During 2006, 665 million Indians conducted their excretory needs in the open; polluting water bodies near their dwellings. This means that rivers and other water bodies get overfed with pollutants and other pathogens. By multiplying the yearly production of feaces (50 kg) and urine (500 liter) per person the scale of the sanitary waste that reaches rivers and streams is a Himalayan one.

Additionally, the lack of sanitary facilities are particularly acute for women.

Women are a particularly vulnerable group. Due to cultural modesty they are unable to relieve themselves in the open. They can only do so under the cover of darkness – in the early morning or the late night. They suffer the risk of rape due to distant toilet visits, so they hold on all day which also leads to urinary tract infections – which untreated, can reach the kidneys and cause serious illness. This is particularly a problem during pregnancy. A lack of toilet facilities also contributes to not having the possibility to engage in daily work freely. The woman gets dependent on her husband for support – inequality. Equality comes as number three of the UN’s Millennium Development Goals. As number seven: “Environmental Sustainability” which again includes sanitation. According to the UN every dollar invested in sanitation generates nine dollars back to the country in the form of increased health, increased education, increased working capability among the citizens and better economical development. But among all a better water quality will be achieved.


Ecoloove believes that through its mobile toilet innovation it is able to address (1) the sanitary needs of women and (2) transform the captured waste into viable ecological and renewable business that will emancipate India’s rural women twice over.

As of today, a urine separating toilet is the cheapest, most hygienically and most environmentally friendly sanitation solution, because what usually is considered waste can be used as fertilizer in farming. Farming families who invest in a urine separating toilet can get that investment back through not having to buy fertilizer. In this way a local circulation is set. We have visited farming families both in Gujarat and in Maharashtra with urine separating toilets.


The city scenario looks a little bit different. The farms that could have use for fertilizer from ecological toilets are situated far away from the city. In cities the need for both private and common toilets is huge, especially in slum areas. Additionally, in many cities in India, e.g. Ahmedabad, there are many examples of mobile small business which are collecting paper, plastic and other things for transport and recycling outside the city. The idea of Ecoloove is the combination of these two concepts, a small mobile business with sanitation products representing the economic part. The concept of motivating farms to buy fertilizer from urine and feces will be evaluated & created during the tests in February. One clearly conceivable way is to compete on pricing and a culturally sensitive branding strategy.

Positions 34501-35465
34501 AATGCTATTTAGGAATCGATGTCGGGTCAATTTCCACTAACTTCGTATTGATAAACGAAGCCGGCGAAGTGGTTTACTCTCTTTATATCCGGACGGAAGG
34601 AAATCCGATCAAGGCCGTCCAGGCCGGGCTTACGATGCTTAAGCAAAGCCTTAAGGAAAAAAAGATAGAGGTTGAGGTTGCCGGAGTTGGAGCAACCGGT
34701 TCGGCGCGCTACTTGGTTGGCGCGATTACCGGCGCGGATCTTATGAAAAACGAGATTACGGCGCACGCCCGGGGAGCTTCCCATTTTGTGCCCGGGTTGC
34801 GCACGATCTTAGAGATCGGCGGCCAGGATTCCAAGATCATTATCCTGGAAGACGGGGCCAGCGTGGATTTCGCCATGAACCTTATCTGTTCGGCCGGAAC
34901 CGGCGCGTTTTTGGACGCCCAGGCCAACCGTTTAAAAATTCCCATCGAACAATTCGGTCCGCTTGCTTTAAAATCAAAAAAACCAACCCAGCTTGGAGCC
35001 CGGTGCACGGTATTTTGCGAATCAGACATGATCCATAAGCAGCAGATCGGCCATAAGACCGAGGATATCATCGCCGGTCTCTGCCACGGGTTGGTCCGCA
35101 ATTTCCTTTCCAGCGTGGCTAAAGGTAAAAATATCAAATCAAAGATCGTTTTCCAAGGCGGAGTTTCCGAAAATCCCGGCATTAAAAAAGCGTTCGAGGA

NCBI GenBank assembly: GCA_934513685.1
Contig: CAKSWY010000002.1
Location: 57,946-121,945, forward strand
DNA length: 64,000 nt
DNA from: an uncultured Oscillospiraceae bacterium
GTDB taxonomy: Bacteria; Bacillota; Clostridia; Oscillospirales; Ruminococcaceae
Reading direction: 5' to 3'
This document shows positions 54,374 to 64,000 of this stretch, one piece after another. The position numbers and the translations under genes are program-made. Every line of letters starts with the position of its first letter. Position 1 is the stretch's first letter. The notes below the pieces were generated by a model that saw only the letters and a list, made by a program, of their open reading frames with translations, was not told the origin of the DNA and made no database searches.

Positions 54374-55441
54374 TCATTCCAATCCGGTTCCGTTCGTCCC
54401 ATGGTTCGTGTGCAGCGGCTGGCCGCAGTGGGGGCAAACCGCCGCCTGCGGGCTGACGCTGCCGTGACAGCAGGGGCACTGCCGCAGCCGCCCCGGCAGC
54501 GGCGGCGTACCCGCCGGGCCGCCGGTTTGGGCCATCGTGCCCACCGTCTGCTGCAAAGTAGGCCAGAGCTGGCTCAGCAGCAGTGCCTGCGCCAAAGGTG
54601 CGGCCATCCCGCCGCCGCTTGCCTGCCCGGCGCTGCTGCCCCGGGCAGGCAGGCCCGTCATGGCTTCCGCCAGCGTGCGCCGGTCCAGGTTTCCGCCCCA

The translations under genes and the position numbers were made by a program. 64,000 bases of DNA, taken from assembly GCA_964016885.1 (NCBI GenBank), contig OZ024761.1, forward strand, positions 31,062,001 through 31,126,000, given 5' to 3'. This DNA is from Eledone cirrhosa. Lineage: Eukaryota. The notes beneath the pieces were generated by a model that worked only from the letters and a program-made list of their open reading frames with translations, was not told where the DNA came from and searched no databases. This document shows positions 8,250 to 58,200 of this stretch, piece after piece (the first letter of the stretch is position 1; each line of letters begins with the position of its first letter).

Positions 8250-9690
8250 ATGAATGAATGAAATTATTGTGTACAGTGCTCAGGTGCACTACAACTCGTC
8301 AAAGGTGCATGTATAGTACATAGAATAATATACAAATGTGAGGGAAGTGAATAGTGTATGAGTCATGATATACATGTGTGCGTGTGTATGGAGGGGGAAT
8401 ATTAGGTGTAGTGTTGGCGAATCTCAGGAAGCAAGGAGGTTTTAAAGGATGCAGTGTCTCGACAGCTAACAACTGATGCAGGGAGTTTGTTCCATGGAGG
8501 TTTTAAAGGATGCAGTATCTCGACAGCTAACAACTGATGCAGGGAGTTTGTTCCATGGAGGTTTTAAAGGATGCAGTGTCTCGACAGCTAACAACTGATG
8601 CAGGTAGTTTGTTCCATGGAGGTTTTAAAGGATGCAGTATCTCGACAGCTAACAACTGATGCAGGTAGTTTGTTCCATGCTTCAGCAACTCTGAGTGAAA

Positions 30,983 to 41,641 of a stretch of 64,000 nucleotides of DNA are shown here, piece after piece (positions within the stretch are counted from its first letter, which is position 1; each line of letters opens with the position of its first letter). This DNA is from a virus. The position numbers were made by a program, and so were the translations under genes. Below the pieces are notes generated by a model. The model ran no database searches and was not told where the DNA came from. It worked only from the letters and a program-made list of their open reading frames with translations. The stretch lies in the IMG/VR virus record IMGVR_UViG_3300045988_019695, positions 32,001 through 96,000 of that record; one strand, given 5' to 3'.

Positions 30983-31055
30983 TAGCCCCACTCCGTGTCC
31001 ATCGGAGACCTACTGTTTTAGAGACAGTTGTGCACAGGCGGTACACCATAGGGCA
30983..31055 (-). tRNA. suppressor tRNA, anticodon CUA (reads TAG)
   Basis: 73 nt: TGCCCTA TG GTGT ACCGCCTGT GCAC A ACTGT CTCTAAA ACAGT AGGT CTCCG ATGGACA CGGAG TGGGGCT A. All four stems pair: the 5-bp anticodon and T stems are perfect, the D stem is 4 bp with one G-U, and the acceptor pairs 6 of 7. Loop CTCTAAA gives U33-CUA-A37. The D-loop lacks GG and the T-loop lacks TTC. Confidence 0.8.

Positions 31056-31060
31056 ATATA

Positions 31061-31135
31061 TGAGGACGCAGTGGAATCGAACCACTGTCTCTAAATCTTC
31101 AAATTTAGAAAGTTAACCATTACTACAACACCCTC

The idea of Ecoloove is simple: the ones who are mostly affected by the problem of not having a toilet – women – are offered to start a business financed with microloans to start renting out toilet visits and collecting the sanitation waste. The financing of the Ecoloove toilet business run by women needs to be specified in detail during the business concept phase. The goal is that financing shall come from women or a group of women, with microcredit.

First functional prototype of Ecoloove: three wheeler bicycle in Bamboo and welded steel.


Ecoloove has completed most of the research, got initial feedback from target users & areas and have finished the first ready-to-use prototype. They have tested the prototype in a slum area in Ahmedabad, Bareja. Necessary contacts to production facilities, supporting organizations and the initial target market – slum area in Ahmedabad – have been established already. Ecoloove do have important voluntary support for marketing (reporting), teaching about the problem in target areas, getting tests done with regards to a roll out in a slum area & evaluation of cultural & social acceptance, as well as usage to assess viable business propositions. – Feedback is still extremely enthusiastic & positive.

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